question," it says, "remains the relationship between Israel and
Syria, which could still ignite another major war in the Middle East."
WASHINGTON POST: Syrian leaders are at least partly right -- and that
is not a bad thing
Two U.S. dailies also comment on Israel's decision. In an editorial,
the Washington Post says: "To the Syrians, the [decision] is a message
that while Israel would prefer to extricate itself from Lebanon by
reaching a peace treaty with Syria -- the main power broker in the
tiny, war-torn country -- Syria will not be the arbiter of Israel's
eventual departure either." It adds: "Mr. Barak is effectively putting
Syria on notice that it can't improve its bargaining position on the
Golan Heights simply by making life more miserable, through its
proxies, for Israeli troops in Lebanon. ... Barak is saying that Syria
must negotiate seriously on other issues relating to Israel's
The paper goes to say that, in its words, "on the face of things,
[Assad's] government ... ought to be pleased. Syria has ... long been
calling for Israel's withdrawal from occupied Arab lands. ... Yet," it
adds, "the Syrian reaction ... has been hostile. Syrian leaders and
the state-controlled press have accused Israel of using the threat of
a Lebanon withdrawal to pressure Syria. They are at least partly right
-- and that is not a bad thing."
The Washington Post concludes: "It is important to read this
[Israeli] toughness alongside the other signal that Mr. Barak sent the
Syrians last week. In the most direct statement yet that he was
prepared to give back the entire Golan, Mr. Barak stated that other
Israeli governments had negotiated on the basis of full withdrawal and
he would not step back from their position." For the paper, "the
combined [Israeli] message is that Syria can get what it wants from
[Barak's] government, but that its hand will not grow stronger if the
current delay [in peace talks] continues."
WALL STREET JOURNAL: Giving arms to lure Syria into 'peace' is
The Wall Street Journal Europe says this on the subject: "Journalists
really ought to love the Syrians. Not only has their long Hizbollah
proxy war against Israel's northern border provided reporters with
plenty of work, the continual stream of doublespeak emanating from
the Syrian government and its state-controlled media offers lots of
juicy quotes to deconstruct."
The paper's editorial notes: "Syrian Foreign Minister Farouk Shara
said Israel would 'bear the consequences' of withdrawing without
Syria's blessing. [The] editor of Syria's official Tishrin newspaper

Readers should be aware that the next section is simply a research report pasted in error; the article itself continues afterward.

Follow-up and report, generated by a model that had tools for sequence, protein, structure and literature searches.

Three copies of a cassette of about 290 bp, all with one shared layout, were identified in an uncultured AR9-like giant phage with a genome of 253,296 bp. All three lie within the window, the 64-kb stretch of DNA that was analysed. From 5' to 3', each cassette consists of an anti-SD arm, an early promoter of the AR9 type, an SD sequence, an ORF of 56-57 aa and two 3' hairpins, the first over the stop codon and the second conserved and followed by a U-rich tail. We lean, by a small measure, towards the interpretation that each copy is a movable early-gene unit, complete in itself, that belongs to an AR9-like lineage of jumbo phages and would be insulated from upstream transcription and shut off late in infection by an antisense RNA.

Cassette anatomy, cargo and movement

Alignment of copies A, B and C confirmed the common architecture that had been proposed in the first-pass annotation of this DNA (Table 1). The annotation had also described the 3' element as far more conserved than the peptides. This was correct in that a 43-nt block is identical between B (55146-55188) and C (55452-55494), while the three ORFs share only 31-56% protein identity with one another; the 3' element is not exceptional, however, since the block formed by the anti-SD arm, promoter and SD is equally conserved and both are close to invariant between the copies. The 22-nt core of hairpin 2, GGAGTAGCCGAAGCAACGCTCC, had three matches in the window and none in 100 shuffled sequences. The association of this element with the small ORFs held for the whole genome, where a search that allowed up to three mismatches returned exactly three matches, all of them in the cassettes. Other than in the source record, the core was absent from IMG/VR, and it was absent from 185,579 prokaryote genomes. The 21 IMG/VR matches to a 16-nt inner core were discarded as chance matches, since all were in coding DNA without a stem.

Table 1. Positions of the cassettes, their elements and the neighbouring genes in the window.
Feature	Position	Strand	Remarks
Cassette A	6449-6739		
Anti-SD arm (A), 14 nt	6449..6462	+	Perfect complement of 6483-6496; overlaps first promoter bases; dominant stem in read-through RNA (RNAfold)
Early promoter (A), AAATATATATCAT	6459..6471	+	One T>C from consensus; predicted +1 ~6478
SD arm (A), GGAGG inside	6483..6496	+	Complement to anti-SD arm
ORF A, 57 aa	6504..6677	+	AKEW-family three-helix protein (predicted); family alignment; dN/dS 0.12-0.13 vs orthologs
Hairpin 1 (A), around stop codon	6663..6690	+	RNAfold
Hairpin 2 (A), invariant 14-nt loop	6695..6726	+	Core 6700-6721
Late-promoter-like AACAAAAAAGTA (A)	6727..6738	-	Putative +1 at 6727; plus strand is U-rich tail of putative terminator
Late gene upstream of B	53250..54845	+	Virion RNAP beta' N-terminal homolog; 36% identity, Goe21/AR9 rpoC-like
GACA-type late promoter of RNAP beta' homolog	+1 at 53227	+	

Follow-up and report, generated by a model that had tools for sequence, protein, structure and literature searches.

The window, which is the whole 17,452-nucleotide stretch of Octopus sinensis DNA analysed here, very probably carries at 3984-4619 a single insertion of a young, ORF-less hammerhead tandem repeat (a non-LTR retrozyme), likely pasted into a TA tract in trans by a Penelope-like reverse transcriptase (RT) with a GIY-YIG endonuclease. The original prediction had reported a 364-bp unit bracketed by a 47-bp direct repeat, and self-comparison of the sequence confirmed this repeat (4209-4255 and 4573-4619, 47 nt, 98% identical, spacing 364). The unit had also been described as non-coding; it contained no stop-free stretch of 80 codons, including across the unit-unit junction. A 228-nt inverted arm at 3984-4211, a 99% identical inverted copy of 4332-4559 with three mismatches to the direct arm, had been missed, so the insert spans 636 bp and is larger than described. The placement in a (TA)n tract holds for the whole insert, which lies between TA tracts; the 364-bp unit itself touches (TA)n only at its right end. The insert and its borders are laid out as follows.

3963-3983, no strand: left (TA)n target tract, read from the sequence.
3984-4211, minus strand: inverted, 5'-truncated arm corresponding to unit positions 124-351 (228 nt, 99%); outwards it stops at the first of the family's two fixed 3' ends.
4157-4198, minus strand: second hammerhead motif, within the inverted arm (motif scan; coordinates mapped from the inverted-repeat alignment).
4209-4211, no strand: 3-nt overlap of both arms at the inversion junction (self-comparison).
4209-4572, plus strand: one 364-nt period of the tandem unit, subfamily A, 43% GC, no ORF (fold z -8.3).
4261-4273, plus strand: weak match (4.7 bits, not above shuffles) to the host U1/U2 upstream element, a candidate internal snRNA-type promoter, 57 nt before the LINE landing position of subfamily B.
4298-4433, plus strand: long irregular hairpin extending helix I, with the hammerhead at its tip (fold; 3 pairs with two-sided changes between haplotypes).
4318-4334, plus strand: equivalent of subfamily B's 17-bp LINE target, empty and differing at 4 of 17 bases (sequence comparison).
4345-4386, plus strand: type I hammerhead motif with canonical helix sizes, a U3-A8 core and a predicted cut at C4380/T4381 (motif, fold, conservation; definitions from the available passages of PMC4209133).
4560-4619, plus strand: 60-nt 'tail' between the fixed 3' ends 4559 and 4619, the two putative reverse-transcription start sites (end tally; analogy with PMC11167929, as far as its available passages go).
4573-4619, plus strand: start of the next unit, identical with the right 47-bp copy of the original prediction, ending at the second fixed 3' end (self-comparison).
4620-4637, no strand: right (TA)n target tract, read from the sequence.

said the withdrawal plan had 'stirred a new wave of question marks ...
over Israel's seriousness about building a genuine peace in the
region.'" That moves the Wall Street Journal to ask: "Come again?
Israel wants to leave 'occupied Arab territory' and this raises
questions about its commitment to peace?"
The editorial also says: "The Syrians ... now seem to be inching
their way back to the [negotiating] table. ... [There] is speculation
that ... Assad could meet ... Barak in Geneva, and then for a signing
ceremony in Washington." Concluding, the paper raises another point:
"Nobody should be lured into this [Israeli-Syrian peace] deal because
U.S. President Bill Clinton, in a pre-election push, makes grand
promises of support ... that may well include military or economic aid
to Mr. Assad's Syria." It says: "Land for peace is risky enough.
Giving arms to lure Syria into 'peace' is downright foolish."
NEW YORK TIMES: The West cannot yet be satisfied with its efforts to help build a functional, law-abiding society in Kosovo
The New York Times today carries an editorial titled "A Cash-Starved Peace in Kosovo." The paper comments on remarks made yesterday at the United Nations in New York by Bernard Kouchner, the UN civil
administrator in Kosovo. It says: "[Kouchner] has a hard enough job
trying to contain ethnic hatreds, establish the rule of law and
provide for the medical, educational and material needs of a war-
battered population. He should not have to beg European nations to
come up with the money they promised for these purposes or to send the
international police officers who are urgently needed to restrain
The editorial continues: "Kosovo urgently needs more international
police officers to keep situations like the confrontation between
ethnic Albanians and Serbs in the city of Mitrovica from spreading.
... Ironically, one of the most conspicuous laggards in providing
these police officers is France, the country whose troops have been
most deeply involved in the Mitrovica strife."
The paper concludes: "The West can be proud of its role in ending
terror and mass expulsions from Kosovo. But it cannot yet be satisfied
with its effort